Traits in Scala

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Java doesn’t allow multiple inheritance for the fear of Deadly Diamond of Death. And to circumvent this Java introduced interfaces where in a class can extend only one other class, but implement multiple interfaces. These interfaces don’t contain any implementations. (This is going to change with Defender Methods in Java 8). Lot of other languages support interface like constructs but with greater power. And one such construct in Scala are Traits.

also read:

Traits like Interfaces in Java

Lets have a look at Trait being used as a Interface in Java. Consider a Trait Reader which provides a abstract read method.

 
trait Reader{
  def read(source:String):String
}

This trait can be extended by Scala classes like:

 
class StringReader extends Reader{
  import scala.io.Source
  def read(source:String) = 
      Source.fromString(source).mkString
}

In Scala we can place imports at any line. Lets see the above code in action:

 
object Main extends App{
  val stringReader = new StringReader
  println(stringReader
        .read("This is a string to be printed back"))
  println(stringReader.isInstanceOf[Reader])
}

The output is:

This is a string to be printed back
true

You must be thinking: But this is what an Interface can do, how is a trait different?

Traits with method implementations

Let me edit the Reader trait to implement read method to read the contents from the String i.e what StringReader does.

 
trait Reader{
  def read(source:String):String =
    Source.fromString(source).mkString
}

Here is the power of traits. They can have implementations. A real advantage is that lot of times we have common implementations of certain methods in Interfaces and we end up implementing those interfaces and copying the code at all the places- A clear violation of DRY. Java is introducing a similar concept in Java 8 called Defender Methods. The main intention of introducing Defender Methods is for enhancing the APIs in such a way that it doesnt break millions of existing implementations.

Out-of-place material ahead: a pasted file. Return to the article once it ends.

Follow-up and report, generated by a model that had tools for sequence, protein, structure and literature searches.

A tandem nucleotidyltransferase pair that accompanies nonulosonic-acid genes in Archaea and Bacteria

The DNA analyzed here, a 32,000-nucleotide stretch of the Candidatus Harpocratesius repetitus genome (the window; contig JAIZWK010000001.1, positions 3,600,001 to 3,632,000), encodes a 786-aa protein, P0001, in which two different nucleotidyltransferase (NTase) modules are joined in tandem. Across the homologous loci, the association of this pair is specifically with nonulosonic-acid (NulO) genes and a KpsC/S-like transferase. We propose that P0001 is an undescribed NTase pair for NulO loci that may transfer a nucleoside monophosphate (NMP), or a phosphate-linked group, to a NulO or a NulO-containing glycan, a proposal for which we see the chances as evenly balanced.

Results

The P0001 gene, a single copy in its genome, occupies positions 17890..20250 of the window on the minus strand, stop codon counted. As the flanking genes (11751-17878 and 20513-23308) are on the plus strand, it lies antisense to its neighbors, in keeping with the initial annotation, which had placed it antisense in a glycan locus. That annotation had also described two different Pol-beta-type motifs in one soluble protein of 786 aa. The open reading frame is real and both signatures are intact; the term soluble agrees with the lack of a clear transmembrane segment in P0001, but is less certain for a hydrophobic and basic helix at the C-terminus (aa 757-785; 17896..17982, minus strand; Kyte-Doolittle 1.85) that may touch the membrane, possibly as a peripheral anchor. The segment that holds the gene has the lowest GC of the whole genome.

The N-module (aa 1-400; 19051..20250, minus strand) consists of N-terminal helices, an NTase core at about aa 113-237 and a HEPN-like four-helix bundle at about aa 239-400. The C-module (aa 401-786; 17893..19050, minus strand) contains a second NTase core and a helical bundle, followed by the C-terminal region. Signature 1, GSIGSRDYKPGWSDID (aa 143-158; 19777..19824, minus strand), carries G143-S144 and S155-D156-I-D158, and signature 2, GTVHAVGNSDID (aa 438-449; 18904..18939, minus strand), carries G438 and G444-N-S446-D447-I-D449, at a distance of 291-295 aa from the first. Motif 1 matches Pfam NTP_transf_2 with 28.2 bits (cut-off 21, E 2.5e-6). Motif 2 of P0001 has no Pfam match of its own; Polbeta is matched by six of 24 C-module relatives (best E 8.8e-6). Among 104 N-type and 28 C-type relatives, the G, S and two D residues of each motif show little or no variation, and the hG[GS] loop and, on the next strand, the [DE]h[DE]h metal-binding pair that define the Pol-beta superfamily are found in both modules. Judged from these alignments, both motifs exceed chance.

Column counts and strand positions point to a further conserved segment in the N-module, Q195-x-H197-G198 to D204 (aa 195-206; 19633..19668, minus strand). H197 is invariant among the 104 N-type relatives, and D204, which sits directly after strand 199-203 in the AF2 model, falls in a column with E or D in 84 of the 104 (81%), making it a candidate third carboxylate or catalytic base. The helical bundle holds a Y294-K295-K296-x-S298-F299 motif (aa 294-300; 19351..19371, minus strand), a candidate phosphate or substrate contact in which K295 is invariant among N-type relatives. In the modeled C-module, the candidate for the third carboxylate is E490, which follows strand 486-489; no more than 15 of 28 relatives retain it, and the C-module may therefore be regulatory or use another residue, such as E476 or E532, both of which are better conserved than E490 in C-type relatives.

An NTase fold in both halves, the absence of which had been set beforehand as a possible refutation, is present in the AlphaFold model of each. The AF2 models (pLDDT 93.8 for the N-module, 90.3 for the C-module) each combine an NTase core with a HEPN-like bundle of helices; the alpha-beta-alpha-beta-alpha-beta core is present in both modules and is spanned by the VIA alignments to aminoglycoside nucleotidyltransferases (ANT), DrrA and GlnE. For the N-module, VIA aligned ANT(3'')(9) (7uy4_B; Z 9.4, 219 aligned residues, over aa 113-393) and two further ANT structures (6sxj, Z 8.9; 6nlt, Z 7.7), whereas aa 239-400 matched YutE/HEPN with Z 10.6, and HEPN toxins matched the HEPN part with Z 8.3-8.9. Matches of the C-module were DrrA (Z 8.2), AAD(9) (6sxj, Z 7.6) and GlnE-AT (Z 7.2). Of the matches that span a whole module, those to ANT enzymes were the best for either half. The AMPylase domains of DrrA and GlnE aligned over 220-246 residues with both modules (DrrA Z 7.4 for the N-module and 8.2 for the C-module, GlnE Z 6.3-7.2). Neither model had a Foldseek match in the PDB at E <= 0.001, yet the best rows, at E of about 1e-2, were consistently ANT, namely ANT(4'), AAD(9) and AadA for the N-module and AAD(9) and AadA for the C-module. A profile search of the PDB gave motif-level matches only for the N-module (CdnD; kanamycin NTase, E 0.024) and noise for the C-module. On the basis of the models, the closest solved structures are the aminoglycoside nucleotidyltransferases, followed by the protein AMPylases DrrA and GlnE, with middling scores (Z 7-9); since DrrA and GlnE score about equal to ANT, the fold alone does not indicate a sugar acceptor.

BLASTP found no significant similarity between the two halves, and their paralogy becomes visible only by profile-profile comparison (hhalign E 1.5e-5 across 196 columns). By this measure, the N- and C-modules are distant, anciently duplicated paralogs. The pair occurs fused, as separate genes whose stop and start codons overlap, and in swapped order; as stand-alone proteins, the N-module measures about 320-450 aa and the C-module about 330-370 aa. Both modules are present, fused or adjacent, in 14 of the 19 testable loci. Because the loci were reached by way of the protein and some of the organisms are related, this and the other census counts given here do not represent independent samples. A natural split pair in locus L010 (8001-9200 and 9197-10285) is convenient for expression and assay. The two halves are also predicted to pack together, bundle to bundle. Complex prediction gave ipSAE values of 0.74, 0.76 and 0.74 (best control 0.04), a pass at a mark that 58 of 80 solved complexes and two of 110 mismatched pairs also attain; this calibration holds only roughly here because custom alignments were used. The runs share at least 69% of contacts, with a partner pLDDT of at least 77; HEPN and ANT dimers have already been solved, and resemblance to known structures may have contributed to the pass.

Lets mix in the above trait into a class.

 
class Person(var name:String, var age:Int){
  def getDetails = name+ " "+ age
}

class Employee(name:String, age:Int, var moreDetails:String)
    extends Person(name,age) with Reader{

  override def getDetails = {
    val details = read(moreDetails)
    name + " "+age+"\n"+"More: "+details
  }

}

We have a Employee class which extends Person class and mixes in the Reader trait. Just like in Java we use implements keyword, in Scala we use with keyword for adding a trait. When we mix in the trait, all its contents are just added as is into the class, which means the read method in the Reader trait can be invoked from the Employee class just as if the method was actually a part of Employee class.

Lets see the above classes in Action:

 
object Main extends App{

  val employee1 = new Employee("Alex",20,
                       "Some more details as string")

  println(employee1.getDetails)
}

The output:

Alex 20
More: Some more details as string

These were some of the basic concepts of Traits. There’s lot of things yet to be explored, I think I will cover the advanced concepts in a subsequent article.

The complete code for the above example:

 
import scala.io.Source

trait Reader{
  def read(source:String):String =
    Source.fromString(source).mkString
}
class Person(var name:String, var age:Int){
  def getDetails = name+ " "+ age
}

class Employee(name:String, age:Int, var moreDetails:String)
    extends Person(name,age) with Reader{

  override def getDetails = {
    val details = read(moreDetails)
    name + " "+age+"\n"+"More: "+details
  }

}

object Main extends App{

  val employee1 = new Employee("Alex",20,
                       "Some more details as string")

  println(employee1.getDetails)
}

Comments

comments

About Mohamed Sanaulla

In his day job he works on developing enterprise applications using ADF. He is also the moderator of JavaRanch forums and an avid blogger.

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  1. [...] our previous article we covered very basic concepts on traits. In this article we will expand on our initial work and [...]

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